Tim Coleman was a footballer who wowed crowds and journalists alike, thrilling Arsenal fans for six years before the war brought an end to his playing days and a fall from a roof took his life.
Christened John George Coleman, ‘Tim’ (Timmy) Coleman was born to Julia Ann Butlin and George Coleman in Kettering in 1881, five years before Arsenal were formed.
An inside right, Coleman signed for Arsenal in 1902 and went on to score 84 goals in 196 games for the club before leaving in 1908 for Everton where his goalscoring continued. 30 in 71 with the Toffees was followed by 20 in 32 for Sunderland, 45 in 94 for Fulham, 14 in 37 for Nottingham Forest and, to finish off his career, before he moved into management in the Netherlands, 39 in 37 for Tunbridge Wells Rangers.
In truth, the First World War put an end to his playing career, returning to play for non-league Rangers only in 1920 after leaving Forest as a professional in 1915. He hung up his boots for good in 1921 and moved to the Netherlands
When Coleman first arrived at Arsenal, he broke the club’s scoring record, putting away 17 goals in just 30 games and was a leading light that, along with Tommy Shanks, helped guide Arsenal in to the First Division for the first time with 23 goals in 28 games. Shanks scored 25.
Arsenal hadn’t wanted to sell Coleman to Everton, but the £350 offer (not £700 as detailed on Wikipedia although you can see below where the confusion comes from) was too much to reject for the club, struggling as they were financially at the time.
“The transfer of Coleman from Woolwich Arsenal to Everton must have caused much consternation to all who have the interests of the Plumstead club at heart,” Cricket and Football Field reported on 29 February 1908.
“l am told on good authority that the public may assume that the Woolwich officials “have good reason for what they have done.” I should like to know what the reason is. If it be merely a temporary loss form it ought not to have weighed with the Arsenal any more than it has done with Everton.
“If it be that Coleman was dissatisfied, the supporters of the club ought to know why. Coleman is a most accomplished player, comparatively young, ever reliable, and for six years has brilliantly justified the choice Messrs. Kennedy and Bradshaw, who discovered him for the Plumstead club.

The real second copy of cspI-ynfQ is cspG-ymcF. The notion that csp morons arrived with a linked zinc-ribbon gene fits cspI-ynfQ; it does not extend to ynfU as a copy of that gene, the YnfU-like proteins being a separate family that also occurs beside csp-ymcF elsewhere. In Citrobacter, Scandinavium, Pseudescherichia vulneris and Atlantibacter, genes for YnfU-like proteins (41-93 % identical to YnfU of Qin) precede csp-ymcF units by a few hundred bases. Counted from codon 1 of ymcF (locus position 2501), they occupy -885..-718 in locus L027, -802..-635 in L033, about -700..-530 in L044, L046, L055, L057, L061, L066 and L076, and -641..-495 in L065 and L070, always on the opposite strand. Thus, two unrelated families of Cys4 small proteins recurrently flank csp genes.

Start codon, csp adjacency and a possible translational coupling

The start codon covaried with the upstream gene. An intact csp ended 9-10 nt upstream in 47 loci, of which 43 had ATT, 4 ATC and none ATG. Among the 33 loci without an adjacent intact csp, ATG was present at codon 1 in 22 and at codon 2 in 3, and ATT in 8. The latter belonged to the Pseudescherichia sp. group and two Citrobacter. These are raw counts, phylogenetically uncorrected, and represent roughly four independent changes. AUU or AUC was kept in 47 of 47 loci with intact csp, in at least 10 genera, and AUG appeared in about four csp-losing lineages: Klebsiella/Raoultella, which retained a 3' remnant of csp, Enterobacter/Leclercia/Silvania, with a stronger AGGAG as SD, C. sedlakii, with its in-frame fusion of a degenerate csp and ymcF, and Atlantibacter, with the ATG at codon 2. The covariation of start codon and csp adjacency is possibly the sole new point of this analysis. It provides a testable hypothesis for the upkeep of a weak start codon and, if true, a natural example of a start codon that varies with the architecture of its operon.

“Now, immediately following his benefit match, he has been transferred to one of the best teams in the country for paltry £350. Incidentally, he is accompanied from Woolwich to Everton by one Crewes, a reserve outside left who may be “promising,” but who has never once appeared in first-class football. The double fee paid by Everton amounts to “about” £600.
“It is not for us to suggest that the two clubs concerned are the first “to drive coach-and-four” through the new rule of the Football Association, but I certainly contend that Woolwich Arsenal have not got full value for “Tim” Coleman by accepting the maximum transfer fee for his services.”
Tim Coleman was a player described as having ‘clever anticipation and skill in making openings’ as well as ‘one of the finest inside players of his day’.
Despite his talent, Coleman was selected to play for England just once. His only cap came against Ireland in a game they won 1-0.
Tim Coleman death
According to Wikipedia, Timmy Coleman died on 20 November 1940 in St Mary Abbot’s Hospital after falling off the roof of a power station in South Kensington while at work. Papers from the time, however, say he passed at home of his son. Either way, it is a stark reminder that football at the top level didn’t bring untold wealth until fairly recently.
The Nottingham Evening Post seemed to have provided the most detailed obituary of the player and reported his death as follows:
“FAMOUS FOREST FOOTBALLER
“Tim” Coleman Killed By Roof Fall
J. G. Coleman, footballer of international renown, who wore the red garibaldi of Nottingham Forest in the first season of the first World War (1914-15) has died following accident at work when he fell from a roof.
Tim,” a very genial character, joined the City Ground Staff on July 18th, 1914, and in his one season with the “Reds” made 39 appearances (2 in the Cup) and was top scorer with 16 goals (2 in the Cup).
He joined the Footballers Battalion, in numerous games for Forest appearing on the programme as Tim Coleman. Private Coleman, and in that unit served under Major F. Buckley, and had Tom Gibson, another Forest footballer, as his sergeant-major.
As inside-right Coleman saw service with Northampton, Woolwich Arsenal, Everton, Sunderland, and Fulham, prior to joining Forest. He played for England against Ireland at Goodison Park in 1907, and for the League against Scottish and Irish Leagues the same year. At the outbreak of war in 1939 Coleman was football coach in Holland.”